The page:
Optionally, the film can include only a single aperture for light transmission in combination with a series of superficial surface elements such as dimples or concentric rings that give rise to the formation of the plasmons on the film. In this embodiment, the surface elements can be formed according to any suitable process known in the art, e.g., etching, milling, deposition of the metal onto structured dielectrics, and the like. Moreover, the array of surface elements, whether superficial or penetrating elements, can be any periodic array as is generally known in the art, including, for example, rectangular arrays, triangular arrays, and the like.

Referring again to FIG. 1, device 10 includes a layer 20 substantially adjacent to film 11. For purposes of this disclosure, the term ‘substantially adjacent’ is herein defined as being either in direct contact with or within an effective distance of the metal film 11. More specifically, any distance between the metal film 11 and the layer 20 should be less than the distance at which the plasmons of the metal film 11 can no longer interact with the layer 20, i.e., less than the distance at which the e-field intensity falls to 1/e for the dielectric material in the intervening space. Material in the intervening space may be any dielectric material including a vacuum, air, or some other dielectric material, each of which would have a characteristic allowable depth. The depth of this intervening material need be small enough to assure that plasmons arising on film 11 can still interact with the layer 20. For example, in one embodiment, the metal film 11 can be at a distance from the layer 20 of less than about 200 nm, though the preferred distance can obviously vary depending upon the particular materials of the device. It should be understood, however, that this particular exemplary range is in no way intended to limit the scope of the invention.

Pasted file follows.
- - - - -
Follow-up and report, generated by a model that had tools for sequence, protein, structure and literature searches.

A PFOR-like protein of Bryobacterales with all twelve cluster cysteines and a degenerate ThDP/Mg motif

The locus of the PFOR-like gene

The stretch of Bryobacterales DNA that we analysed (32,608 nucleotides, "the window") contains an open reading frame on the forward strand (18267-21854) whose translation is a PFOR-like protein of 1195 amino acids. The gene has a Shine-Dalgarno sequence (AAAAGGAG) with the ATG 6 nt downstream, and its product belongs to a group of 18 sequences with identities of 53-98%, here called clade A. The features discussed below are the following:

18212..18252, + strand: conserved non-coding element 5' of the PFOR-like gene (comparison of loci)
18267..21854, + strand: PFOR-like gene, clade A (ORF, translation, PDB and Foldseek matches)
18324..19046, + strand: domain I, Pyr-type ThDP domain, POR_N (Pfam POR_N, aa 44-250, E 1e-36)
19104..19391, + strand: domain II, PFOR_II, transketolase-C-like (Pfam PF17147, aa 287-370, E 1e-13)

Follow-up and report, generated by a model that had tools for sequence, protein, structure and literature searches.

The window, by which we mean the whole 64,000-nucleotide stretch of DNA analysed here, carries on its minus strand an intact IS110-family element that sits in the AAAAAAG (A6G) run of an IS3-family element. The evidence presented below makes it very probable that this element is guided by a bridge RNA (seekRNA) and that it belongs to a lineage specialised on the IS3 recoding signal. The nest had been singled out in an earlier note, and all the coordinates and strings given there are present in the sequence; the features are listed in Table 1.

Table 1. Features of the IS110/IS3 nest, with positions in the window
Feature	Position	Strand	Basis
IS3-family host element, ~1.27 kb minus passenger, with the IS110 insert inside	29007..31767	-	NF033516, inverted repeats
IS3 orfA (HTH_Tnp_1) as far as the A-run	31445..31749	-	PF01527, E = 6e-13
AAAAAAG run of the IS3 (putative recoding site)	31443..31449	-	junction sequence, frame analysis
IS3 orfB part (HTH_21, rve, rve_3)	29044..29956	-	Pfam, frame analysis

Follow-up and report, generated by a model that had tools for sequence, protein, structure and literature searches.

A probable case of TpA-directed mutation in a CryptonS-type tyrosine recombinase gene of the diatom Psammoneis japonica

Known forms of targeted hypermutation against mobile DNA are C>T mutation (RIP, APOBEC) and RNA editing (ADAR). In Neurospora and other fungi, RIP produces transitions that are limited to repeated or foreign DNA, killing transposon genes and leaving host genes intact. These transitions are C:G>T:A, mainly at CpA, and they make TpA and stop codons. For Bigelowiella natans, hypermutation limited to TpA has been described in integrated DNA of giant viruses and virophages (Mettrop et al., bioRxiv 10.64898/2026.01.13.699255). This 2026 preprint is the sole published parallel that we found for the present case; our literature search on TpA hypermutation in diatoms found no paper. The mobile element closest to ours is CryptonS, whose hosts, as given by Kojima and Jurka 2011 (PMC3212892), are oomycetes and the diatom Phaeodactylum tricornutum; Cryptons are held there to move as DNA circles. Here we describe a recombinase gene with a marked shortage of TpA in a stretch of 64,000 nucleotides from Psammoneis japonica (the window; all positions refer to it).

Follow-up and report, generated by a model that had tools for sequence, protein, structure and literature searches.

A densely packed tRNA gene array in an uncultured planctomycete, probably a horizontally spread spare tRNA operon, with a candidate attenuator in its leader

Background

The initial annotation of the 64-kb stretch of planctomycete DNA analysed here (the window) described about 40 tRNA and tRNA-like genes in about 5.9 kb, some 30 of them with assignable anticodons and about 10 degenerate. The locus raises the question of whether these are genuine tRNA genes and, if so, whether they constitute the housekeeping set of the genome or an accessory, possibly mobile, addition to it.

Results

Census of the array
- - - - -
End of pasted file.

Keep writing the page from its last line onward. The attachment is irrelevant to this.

Layer 20 can, in one embodiment, be formed exclusively of a dielectric material with a variable refractive index. In another embodiment, layer 20 can include such a material in its make-up without necessarily being formed exclusively of that material.

The index of refraction of the layer 20 is variable. Moreover, this variation can depend upon one or more characteristics of the incoming light. For example, in one particular embodiment, layer 20 can be formed from a nonlinear optical material in which the index of refraction of the layer 20 can vary depending upon the intensity of the incoming light.